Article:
BPA Free Plastics Are Not Much Better For Our Bodies

September 14, 2018

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Plastics have been in the news lately with a chemical used in its creation called BPA.  From plastic bottles to plastic-lined cans to medical devices, BPA is all around our modern world. The problem, with plastics is that over time, certain compounds that make up plastic, such as BPA, can leach out and find its way into our bodies as the plastic itself begins to degrade (from being repeatedly heated in a microwave, for example). Scientists have found that BPA, in particular, is one of many chemicals thought to interfere with our endocrine system, which regulates how hormones affect everything from our fertility to brain development. As a result consumers have been seeking out BPA free plastics believing they are safer. However the same scientists who linked BPA with bad health effects say BPA-free plastics aren’t necessarily any safer for us. The chemical used to replace BPA is called BPS, which is in the same class of epoxy resins, which can, and do, still leak out. Testing on BPS plastics on mice found BPS affects the reproductive systems the same as BPA and those effects could be happening in people. Though manufacturers have shied away from making explicit claims about BPA replacements being safer, customers have certainly assumed that they are safer. The Food and Drug Administration still maintain that current levels of BPA exposure in food are not a concern to human health, pointing to research showing that people metabolize BPA faster than mice, dulling any possible toxic effects. However you can reduce your exposure to BPA, BPS  and other plastics that leach into your bodies by consuming fewer canned foods and opting for those packaged with cardboard and glass, drinking fluids from glass or paper containers and not to cook or reheat foods in plastic ware, including that "to go" container.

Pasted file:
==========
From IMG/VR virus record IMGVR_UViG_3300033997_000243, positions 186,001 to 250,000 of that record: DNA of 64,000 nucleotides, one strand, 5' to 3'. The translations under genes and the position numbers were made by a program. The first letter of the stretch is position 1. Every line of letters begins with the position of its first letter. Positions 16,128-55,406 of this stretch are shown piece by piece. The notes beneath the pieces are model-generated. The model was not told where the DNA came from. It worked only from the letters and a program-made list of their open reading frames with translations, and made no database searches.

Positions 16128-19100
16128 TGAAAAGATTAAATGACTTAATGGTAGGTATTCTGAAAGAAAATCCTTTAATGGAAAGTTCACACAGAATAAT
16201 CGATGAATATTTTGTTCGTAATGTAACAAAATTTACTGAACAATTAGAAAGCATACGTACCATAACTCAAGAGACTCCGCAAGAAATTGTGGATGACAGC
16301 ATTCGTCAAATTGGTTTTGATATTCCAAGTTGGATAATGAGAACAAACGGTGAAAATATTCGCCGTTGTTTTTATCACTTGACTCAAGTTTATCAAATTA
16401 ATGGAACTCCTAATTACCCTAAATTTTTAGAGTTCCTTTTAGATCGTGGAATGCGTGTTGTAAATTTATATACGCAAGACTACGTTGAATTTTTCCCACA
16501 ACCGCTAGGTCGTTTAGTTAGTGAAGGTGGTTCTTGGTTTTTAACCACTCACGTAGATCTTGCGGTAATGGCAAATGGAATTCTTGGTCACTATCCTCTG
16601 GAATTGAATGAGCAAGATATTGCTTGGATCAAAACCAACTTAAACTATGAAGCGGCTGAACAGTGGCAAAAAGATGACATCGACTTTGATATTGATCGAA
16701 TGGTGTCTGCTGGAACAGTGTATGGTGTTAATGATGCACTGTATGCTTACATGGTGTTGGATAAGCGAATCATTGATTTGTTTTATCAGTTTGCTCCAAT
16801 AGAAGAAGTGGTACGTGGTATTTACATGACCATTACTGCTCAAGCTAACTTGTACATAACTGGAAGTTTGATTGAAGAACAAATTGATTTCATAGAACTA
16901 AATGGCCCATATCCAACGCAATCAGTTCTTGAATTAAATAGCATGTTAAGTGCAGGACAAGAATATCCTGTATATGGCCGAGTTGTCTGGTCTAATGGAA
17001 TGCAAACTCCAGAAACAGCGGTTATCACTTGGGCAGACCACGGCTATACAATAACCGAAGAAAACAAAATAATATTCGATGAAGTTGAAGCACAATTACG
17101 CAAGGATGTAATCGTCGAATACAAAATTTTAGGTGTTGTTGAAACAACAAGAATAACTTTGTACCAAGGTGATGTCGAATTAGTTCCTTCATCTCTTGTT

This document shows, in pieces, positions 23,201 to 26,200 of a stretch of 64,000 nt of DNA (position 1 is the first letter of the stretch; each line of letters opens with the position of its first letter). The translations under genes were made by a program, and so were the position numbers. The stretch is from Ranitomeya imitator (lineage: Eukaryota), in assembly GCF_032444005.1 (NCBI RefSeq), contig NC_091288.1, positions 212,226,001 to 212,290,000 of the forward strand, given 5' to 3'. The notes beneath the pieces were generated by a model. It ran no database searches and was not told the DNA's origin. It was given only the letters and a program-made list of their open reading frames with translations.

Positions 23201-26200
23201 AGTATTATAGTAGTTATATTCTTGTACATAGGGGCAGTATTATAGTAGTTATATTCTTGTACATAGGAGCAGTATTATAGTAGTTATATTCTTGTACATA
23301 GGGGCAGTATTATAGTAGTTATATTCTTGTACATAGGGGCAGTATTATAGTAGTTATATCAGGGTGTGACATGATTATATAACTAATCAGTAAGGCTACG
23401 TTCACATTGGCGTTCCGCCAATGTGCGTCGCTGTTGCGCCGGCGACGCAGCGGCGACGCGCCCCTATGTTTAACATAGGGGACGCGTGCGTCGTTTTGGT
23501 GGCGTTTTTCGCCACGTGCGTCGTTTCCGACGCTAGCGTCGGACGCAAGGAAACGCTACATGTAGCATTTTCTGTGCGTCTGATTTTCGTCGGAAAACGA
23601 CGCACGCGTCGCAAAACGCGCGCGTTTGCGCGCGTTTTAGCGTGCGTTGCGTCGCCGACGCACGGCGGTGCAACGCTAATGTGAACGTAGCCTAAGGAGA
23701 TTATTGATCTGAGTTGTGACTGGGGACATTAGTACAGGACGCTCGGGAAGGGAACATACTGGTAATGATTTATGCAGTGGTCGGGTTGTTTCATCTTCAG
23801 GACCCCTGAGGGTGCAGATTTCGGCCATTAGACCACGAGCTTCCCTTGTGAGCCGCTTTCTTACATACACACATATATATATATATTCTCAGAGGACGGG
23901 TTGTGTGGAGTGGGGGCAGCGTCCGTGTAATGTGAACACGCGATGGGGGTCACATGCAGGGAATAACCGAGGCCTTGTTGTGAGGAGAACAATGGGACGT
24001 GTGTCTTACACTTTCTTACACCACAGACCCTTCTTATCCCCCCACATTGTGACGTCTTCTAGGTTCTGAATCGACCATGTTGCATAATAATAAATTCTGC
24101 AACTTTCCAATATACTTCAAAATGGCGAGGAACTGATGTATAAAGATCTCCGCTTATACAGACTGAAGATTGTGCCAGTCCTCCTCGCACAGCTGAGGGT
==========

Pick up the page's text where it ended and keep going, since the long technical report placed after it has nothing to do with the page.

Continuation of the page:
SOURCE: Gizmodo

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